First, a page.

In autumn of 2021 Aire Libre launched their first ever UK running retreat. Powered by Veloforte, participants spent five days running, hiking and exploring Scotland’s stunning Knoydart Peninsula.
Aire Libre’s George Bauer led the group on their runs and hikes through the rugged and beautiful Scottish highlands. He’s shared his reflections on the trip.
From the familiar…
Our sense of familiarity is a constantly changing landscape. It’s a sense that tells us when something is unknown, and sends us messages, either of understanding or discomfort.
We all have a unique relationship with this sense and experience it in different ways. For some, we obsessively chase the new and unfamiliar, while others prefer to operate within the four walls of knowing what is going to happen next.
During the pandemic we were forced to put the steering wheel aside and let life unfold. This was challenging for those of us who actively seek discomfort and gain energy from new surroundings, but for others who gain energy from within, this was a time to exist in the comfort of home. And yet with comfort can come social isolation and distancing from the outside world.
Acknowledging this, I knew the first Knoydart Peninsula Retreat had to accommodate all of us, no matter our story.
My brief for the trip was to introduce a diverse group of runners to the wild and remote Scottish Highlands, by using movement as a form of exploration. We would discover a new way of living by interacting with the people of Knoydart.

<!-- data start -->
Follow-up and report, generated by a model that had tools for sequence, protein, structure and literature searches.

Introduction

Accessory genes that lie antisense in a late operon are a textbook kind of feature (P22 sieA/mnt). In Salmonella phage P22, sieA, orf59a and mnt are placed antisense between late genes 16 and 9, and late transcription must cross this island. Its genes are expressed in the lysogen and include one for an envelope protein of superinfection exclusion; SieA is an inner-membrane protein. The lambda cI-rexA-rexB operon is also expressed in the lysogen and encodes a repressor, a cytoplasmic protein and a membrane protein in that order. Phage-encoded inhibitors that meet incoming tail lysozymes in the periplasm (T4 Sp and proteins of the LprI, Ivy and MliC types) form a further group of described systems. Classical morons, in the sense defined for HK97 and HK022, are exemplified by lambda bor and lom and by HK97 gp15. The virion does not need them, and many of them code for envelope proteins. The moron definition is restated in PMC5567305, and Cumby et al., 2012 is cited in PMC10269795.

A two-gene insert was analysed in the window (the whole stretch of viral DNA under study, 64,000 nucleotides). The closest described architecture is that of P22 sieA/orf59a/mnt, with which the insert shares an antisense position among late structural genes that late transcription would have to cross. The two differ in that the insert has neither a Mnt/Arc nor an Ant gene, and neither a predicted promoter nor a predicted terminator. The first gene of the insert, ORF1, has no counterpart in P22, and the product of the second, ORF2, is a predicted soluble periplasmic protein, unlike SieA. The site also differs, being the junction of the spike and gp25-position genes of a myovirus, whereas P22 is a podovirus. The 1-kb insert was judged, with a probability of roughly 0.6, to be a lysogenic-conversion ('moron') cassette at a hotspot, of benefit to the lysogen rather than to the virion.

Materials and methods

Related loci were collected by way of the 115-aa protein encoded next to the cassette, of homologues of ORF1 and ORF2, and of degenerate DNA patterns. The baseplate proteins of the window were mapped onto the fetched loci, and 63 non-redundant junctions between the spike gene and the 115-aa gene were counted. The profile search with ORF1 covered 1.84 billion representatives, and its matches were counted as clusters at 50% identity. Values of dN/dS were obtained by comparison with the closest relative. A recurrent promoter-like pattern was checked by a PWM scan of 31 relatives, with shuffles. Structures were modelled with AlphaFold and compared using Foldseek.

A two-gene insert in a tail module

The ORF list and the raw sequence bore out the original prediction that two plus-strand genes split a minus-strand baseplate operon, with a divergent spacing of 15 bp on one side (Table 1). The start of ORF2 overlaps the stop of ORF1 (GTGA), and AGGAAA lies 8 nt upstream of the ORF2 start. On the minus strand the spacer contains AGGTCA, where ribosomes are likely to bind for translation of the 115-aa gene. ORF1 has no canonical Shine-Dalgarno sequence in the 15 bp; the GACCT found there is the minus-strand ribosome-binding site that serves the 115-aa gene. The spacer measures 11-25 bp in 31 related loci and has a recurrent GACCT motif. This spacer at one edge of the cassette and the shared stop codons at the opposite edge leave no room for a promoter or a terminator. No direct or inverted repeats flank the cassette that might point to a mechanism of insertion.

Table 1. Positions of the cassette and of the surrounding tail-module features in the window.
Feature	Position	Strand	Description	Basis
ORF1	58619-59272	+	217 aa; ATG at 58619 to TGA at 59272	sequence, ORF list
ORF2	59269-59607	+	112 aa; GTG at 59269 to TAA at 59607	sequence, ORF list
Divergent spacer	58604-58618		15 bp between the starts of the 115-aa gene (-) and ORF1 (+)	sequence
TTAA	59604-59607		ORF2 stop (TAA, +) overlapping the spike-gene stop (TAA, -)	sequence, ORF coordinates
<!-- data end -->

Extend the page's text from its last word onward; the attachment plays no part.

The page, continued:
So, the idea was to take the group from a sense of familiarity in our surroundings to a state of vulnerability in the wild. We would then come full circle, returning home with a newfound sense of familiarity within ourselves.
The group met at Papercup Coffee in Glasgow’s West End, tucked away in a calm spot away from the main street. The smell of freshly roasted coffee and baked pastries provided a familiar surroundings so we might try to remember the alien art of introducing ourselves. I felt a state of fogginess, struggling to believe Day One had arrived after first designing this moment 18 months ago.
We made our way out to the hills for our first movement practice. Local yogi Rosie Barge led us into her stunning yoga dome overlooking Loch Fyne. She guided us through poses in a warm, comfortable environment before our resident yogi, Sanchia Legister, helped us to set intentions for the trip. After a gentle head massage from Rosie we understood that, from this point on, it was up to us to make our intentions happen.